The Love of Chiefs
Our chief is a great man, powerful and smart.
He loves children, and fights for his people like each one is his child.
I am his nephew, but he treats me like a son.
Every chief is commanded to see his people as children, but this chief lives it.
Tonight I am fifteen.
We feast after a great hunt.
I think of another feast to come.
In a month, we gather with the people of the low country.
I will take Nanik as my first mate.
Tonight, I drink too much, and go a short way into the forest to relieve myself.
When I finish, I start back, and find myself surrounded by three shape shifters in the form of the great cats.
Strange for them to come so close to our village, even at night.
One of the Kalmil reaches out with her great paws, and knocks me down, scratching my face.
I get up and they knock me down again.
The cuts are small, but soon there are many of them.
This is play, not killing, but soon I will lose enough blood to die.
I give a warrior’s yell for help.
Someone might think that a chief would stay with his feast, and let other warriors fight.
My uncle grabs his spear and is halfway to the forest before anyone else moves.
He finds me quickly.
The cats stop playing when they see the chief.
He yells, and jabs one cat with the spear.
It backs up.
Our chief is powerful.
His presence touches the other two, and they back away.
A dozen warriors join us.
The Kalmil bow their heads, turn, and disappear into the forest.
The chief sends for a healer to take care of my cuts.
“They like to play with you, eh Jaina?” he asks.
“You carry their fire,” he adds.
The orange fire of the Kalmil dances brightly around my hands.
I am twenty-three, and a curse falls upon the people.
Our chief is touched by the madness.
When the madness comes, it doesn’t come all at once.
First, the chief is angry over little troubles he would once laugh away.
Then he tells his warriors that they have no courage or skill at hunting.
Untrue, and a great insult.
No normal chief speaks this way without cause.
The healers have no power over the madness.
The fire dreamers pray, but the madness grows.
Soon, the chief strikes any children who get in his way.
They are not hurt, but our chiefs watch over the children.
My father is the chief’s older brother.
“Perhaps he is just troubled,” says my father before he goes to speak with him.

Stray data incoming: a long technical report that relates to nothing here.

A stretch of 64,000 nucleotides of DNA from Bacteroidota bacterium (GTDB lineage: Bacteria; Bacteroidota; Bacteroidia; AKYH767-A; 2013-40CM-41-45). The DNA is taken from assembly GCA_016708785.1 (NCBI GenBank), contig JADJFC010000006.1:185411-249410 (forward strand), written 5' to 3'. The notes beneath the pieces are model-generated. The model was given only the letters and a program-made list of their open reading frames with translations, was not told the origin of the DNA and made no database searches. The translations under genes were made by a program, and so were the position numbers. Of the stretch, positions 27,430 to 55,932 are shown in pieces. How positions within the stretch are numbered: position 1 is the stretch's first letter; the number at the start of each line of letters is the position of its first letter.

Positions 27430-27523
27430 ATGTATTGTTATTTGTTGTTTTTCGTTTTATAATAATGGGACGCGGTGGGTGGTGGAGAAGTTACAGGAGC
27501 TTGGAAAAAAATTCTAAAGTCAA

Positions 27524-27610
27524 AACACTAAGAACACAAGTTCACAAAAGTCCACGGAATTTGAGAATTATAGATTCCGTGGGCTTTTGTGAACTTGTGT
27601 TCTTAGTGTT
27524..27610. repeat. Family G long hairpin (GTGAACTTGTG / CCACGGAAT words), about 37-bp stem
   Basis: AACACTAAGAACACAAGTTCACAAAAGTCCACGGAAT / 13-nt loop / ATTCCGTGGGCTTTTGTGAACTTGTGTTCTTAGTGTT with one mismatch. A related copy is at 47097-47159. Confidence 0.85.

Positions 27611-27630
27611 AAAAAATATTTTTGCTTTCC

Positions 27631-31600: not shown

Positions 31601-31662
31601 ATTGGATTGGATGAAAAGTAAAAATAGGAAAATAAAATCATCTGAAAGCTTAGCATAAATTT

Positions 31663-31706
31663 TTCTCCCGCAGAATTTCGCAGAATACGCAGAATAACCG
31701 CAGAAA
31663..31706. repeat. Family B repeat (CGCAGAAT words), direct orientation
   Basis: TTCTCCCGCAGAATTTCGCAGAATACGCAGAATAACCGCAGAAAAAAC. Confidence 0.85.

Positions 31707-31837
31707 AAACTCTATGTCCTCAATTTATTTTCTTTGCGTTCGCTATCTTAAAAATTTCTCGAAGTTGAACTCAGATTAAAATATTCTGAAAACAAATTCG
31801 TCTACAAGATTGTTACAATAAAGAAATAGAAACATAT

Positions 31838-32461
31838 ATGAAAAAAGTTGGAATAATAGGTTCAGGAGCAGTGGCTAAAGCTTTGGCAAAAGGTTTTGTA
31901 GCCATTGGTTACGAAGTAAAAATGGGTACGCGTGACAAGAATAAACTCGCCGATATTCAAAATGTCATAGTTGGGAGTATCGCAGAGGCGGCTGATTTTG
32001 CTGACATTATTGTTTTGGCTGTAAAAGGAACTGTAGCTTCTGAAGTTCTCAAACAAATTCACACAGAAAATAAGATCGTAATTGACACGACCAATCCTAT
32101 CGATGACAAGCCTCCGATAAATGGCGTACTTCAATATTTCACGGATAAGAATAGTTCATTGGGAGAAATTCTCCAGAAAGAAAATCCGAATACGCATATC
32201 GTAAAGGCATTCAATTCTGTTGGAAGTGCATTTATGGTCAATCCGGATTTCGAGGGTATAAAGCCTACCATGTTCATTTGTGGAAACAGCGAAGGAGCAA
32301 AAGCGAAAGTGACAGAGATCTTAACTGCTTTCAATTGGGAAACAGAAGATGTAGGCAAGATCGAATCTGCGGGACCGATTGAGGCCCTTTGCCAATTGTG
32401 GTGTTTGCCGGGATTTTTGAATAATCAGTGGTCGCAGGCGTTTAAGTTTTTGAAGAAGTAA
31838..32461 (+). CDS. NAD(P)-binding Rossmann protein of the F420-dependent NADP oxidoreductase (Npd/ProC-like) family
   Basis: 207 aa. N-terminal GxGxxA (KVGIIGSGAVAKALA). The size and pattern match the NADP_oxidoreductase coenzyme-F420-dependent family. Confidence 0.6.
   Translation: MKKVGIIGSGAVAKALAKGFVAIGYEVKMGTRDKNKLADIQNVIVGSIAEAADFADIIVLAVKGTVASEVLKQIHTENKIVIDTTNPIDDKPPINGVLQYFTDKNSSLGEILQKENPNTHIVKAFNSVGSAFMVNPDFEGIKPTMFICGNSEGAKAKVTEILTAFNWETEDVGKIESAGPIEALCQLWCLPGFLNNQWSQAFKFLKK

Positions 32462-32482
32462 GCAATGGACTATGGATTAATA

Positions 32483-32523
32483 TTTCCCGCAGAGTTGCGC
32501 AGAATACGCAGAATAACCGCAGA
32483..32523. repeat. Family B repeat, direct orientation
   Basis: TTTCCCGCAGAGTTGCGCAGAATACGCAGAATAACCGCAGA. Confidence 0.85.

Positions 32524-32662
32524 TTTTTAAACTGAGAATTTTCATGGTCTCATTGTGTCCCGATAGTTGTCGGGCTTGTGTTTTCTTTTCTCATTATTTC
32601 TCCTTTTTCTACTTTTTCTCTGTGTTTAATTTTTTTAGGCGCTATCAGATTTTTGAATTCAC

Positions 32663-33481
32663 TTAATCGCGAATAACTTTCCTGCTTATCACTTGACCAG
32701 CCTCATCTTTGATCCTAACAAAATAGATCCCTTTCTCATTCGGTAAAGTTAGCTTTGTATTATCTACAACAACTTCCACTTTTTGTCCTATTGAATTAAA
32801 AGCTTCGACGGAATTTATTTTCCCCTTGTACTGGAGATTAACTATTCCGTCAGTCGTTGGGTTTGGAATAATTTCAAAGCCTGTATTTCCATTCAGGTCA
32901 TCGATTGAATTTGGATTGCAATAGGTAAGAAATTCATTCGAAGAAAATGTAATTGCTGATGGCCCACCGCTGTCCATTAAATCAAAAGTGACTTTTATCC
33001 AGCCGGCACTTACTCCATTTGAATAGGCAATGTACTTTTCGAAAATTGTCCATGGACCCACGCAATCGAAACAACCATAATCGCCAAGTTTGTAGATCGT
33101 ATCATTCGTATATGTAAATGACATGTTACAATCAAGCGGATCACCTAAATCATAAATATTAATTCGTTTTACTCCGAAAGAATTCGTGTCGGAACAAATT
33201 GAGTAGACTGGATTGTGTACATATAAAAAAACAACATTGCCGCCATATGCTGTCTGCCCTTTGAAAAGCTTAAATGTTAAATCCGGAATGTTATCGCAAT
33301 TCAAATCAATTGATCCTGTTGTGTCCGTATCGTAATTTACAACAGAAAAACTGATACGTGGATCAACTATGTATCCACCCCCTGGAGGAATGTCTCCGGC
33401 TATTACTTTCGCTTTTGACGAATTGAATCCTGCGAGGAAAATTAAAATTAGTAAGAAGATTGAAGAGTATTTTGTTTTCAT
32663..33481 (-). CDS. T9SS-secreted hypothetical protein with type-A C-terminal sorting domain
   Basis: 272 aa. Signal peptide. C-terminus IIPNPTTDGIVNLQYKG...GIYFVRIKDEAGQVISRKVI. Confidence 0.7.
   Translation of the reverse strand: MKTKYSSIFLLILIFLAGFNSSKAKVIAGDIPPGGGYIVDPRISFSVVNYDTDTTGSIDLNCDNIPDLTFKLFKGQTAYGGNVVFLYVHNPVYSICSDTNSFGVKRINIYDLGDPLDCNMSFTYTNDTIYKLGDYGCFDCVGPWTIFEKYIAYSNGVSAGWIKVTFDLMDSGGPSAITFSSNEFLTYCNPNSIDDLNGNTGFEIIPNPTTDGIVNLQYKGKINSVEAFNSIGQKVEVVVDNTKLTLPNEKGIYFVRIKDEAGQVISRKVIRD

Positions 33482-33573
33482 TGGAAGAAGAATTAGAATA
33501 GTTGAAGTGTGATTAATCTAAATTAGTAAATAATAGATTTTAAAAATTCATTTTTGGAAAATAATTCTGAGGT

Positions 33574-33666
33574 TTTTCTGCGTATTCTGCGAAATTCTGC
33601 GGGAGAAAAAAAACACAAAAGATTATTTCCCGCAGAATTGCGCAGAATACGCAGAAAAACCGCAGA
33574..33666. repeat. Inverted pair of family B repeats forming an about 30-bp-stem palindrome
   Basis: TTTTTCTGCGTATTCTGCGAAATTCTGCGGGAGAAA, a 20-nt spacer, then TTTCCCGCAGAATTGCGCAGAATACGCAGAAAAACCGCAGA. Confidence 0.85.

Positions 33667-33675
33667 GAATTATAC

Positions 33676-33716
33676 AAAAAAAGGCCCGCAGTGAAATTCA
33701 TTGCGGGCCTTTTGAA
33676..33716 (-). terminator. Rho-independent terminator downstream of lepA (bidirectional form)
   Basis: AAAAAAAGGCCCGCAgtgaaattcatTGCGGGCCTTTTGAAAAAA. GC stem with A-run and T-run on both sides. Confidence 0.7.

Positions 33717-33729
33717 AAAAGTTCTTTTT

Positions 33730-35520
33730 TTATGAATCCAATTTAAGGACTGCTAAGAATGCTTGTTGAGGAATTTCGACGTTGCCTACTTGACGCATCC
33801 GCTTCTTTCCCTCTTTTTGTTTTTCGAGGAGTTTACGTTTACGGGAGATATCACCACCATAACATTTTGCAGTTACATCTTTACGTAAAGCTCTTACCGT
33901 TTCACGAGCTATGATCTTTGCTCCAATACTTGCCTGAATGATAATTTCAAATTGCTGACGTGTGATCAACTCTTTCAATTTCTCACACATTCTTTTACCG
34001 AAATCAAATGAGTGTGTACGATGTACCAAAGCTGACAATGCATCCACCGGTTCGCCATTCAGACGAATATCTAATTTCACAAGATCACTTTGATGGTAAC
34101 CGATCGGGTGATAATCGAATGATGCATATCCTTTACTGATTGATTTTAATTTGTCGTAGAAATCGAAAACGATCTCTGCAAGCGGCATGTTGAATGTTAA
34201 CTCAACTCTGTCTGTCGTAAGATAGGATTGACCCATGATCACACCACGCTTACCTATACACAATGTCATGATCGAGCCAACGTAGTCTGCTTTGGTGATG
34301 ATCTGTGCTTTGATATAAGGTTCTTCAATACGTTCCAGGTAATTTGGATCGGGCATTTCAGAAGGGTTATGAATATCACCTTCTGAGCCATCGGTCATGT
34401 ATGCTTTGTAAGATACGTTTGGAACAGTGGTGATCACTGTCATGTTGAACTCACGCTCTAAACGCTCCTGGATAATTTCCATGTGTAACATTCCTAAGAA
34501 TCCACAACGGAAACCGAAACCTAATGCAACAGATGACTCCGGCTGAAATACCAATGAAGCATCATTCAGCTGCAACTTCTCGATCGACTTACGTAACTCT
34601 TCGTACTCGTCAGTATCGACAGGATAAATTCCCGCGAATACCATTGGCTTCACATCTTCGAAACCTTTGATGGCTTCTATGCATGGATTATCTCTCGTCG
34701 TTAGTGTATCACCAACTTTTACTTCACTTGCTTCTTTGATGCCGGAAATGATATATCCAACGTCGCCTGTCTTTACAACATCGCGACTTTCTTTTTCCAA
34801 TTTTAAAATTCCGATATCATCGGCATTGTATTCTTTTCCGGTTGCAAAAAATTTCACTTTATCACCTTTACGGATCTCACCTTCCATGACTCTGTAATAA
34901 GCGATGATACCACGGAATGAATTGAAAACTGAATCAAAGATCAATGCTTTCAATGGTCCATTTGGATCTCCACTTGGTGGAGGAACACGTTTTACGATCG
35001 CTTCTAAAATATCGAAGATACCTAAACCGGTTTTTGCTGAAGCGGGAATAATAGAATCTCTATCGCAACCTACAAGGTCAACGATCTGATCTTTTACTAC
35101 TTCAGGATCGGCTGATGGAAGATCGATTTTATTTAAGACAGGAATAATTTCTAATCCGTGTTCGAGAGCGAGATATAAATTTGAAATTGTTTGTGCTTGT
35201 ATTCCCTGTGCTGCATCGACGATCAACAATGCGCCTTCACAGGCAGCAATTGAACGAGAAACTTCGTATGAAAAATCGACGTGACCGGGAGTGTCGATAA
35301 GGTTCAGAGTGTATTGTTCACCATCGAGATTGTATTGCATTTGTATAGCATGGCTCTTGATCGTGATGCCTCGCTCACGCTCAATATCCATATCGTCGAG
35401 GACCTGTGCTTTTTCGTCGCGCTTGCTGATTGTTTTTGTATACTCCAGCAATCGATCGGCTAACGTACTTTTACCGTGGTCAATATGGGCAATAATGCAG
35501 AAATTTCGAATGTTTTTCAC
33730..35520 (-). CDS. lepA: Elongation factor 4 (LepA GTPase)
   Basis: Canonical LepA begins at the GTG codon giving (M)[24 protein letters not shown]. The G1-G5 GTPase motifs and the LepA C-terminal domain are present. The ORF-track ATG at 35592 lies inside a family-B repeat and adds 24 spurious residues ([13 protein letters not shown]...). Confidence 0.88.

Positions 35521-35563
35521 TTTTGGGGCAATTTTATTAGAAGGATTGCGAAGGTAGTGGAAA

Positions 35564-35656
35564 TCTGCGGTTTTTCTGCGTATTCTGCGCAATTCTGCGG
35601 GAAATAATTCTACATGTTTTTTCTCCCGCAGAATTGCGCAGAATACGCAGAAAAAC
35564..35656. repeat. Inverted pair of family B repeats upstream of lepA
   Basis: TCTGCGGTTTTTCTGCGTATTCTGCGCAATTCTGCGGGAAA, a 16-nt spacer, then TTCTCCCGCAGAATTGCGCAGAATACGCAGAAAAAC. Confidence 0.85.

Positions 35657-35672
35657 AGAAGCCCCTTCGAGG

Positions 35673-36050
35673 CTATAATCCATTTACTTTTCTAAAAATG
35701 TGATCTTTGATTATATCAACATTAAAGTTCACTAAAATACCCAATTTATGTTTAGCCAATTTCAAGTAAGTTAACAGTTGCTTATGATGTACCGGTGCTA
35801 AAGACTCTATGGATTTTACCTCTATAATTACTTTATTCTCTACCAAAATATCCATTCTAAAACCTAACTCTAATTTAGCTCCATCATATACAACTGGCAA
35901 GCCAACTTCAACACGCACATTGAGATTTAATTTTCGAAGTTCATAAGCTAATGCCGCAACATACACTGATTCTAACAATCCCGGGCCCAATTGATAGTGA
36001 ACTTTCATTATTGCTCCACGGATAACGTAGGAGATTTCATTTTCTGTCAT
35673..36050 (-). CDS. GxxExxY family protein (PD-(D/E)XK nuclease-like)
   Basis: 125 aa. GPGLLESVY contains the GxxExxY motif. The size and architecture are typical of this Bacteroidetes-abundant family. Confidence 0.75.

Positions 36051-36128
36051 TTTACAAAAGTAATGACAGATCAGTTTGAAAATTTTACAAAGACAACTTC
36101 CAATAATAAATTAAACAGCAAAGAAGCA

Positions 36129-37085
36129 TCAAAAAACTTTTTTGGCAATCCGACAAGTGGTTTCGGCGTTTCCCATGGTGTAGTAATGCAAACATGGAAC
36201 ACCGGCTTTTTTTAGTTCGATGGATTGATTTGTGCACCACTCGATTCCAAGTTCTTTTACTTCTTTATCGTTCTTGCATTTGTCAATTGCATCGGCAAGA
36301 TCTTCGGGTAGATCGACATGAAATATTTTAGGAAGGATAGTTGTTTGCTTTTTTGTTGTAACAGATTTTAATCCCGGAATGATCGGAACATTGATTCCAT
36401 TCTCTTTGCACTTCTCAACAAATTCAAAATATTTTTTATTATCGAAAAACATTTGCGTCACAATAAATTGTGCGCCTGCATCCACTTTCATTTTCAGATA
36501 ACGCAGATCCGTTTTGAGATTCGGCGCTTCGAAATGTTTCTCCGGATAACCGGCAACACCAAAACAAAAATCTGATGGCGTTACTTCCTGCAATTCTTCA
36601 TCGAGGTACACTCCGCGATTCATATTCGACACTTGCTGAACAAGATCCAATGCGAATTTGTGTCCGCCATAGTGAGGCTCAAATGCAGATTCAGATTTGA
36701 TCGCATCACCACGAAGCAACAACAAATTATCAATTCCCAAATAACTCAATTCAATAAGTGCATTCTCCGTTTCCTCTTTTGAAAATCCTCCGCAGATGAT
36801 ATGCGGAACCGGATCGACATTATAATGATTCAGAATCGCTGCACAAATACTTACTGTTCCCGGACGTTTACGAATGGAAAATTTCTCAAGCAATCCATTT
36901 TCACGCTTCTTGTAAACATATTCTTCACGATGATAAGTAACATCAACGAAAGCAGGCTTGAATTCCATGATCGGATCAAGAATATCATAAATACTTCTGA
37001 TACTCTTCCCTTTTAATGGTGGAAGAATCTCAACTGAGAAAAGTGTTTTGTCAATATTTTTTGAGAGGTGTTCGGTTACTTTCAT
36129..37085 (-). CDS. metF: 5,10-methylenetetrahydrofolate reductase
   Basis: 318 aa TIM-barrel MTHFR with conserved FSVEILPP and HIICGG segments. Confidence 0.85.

“In time, his mind may rest.”
My father comes after a meal, when the chief is well satisfied.
“How is the chief this night?” asks my father.
“The chief needs to find warriors with courage,” he answers.
“These fight and hunt like little girls.”
My father speaks with him a few minutes, until he finds that his brother is trapped in the madness.
“Let the night bring you peace,” says my father.
A common farewell.
He turns to walk away, and the chief answers with death.
He pierces him through the back with a spear.
“I need no weak brothers,” he yells.
“No brothers, no children, no one!”
“Do you hear me, little girls?”
The people run away from him.
The two councils meet and condemn him to death by combat.
His children and wives run away from him.
They go to other groups to hide, all but his eldest wife.
The next night she comes to me, her face bruised.
“You must do it Jaina,” she says, “now, before he dishonors himself any more.”
Elder mother’s words spin through my thoughts:
Do not be kind out of fear of challenge.
That is weakness.
Never be kind out of weakness.
The world needs strength.
Find the strength to kill.
Then hunt for a way of kindness.
Find kindness that does not leave you weak, and give it gladly.
When there is no way of kindness, kill quickly with no pleasure.
Celebrate that you have fed your people or protected them from danger.
Then mourn the deaths of your enemies and your food quietly, in your own silence.
The battle with my uncle is, as elder mother says, “great work.”
He has lost none of his strength or skill.
In the end, I am stronger and faster, and one of my long knives pierces his heart.
I do not kill him from anger, even though he killed my father.
The killing is something I must do, so I find the strength to do it.
The orange fire of the Kalmil dances around my hands.
It is strong when I kill my uncle, and when I kill in battle or the hunt.
I don’t know what this means.
The New Chief
We mourn the old chief the same as we mourn any chief, more because of his greatness.
I mourn two fathers this day.
I assemble my wives and children.
“You always act with honor,” I tell them.
“Now you are the wives and children of a chief.”
“All look to you.”
“Stay true, just as you are.”
We tell stories of my uncle and other great chiefs.
We laugh and cry together deep into the night.
The next day, his eldest wife comes and bows before me.
“Chief,” she says.
“My mate knew long ago that you would rise as chief in his place.”
“He hoped his death would come in battle, or of sickness or age.”
“His spirit shines on you, happy that you killed him, and returned his honor.”
She goes into the forest, and is never seen again.
His other wives and children return.
I take them as mine, according to our ways.
I treat each wife as if I chose her myself.
I mourn my uncle in silence, long after others forget him.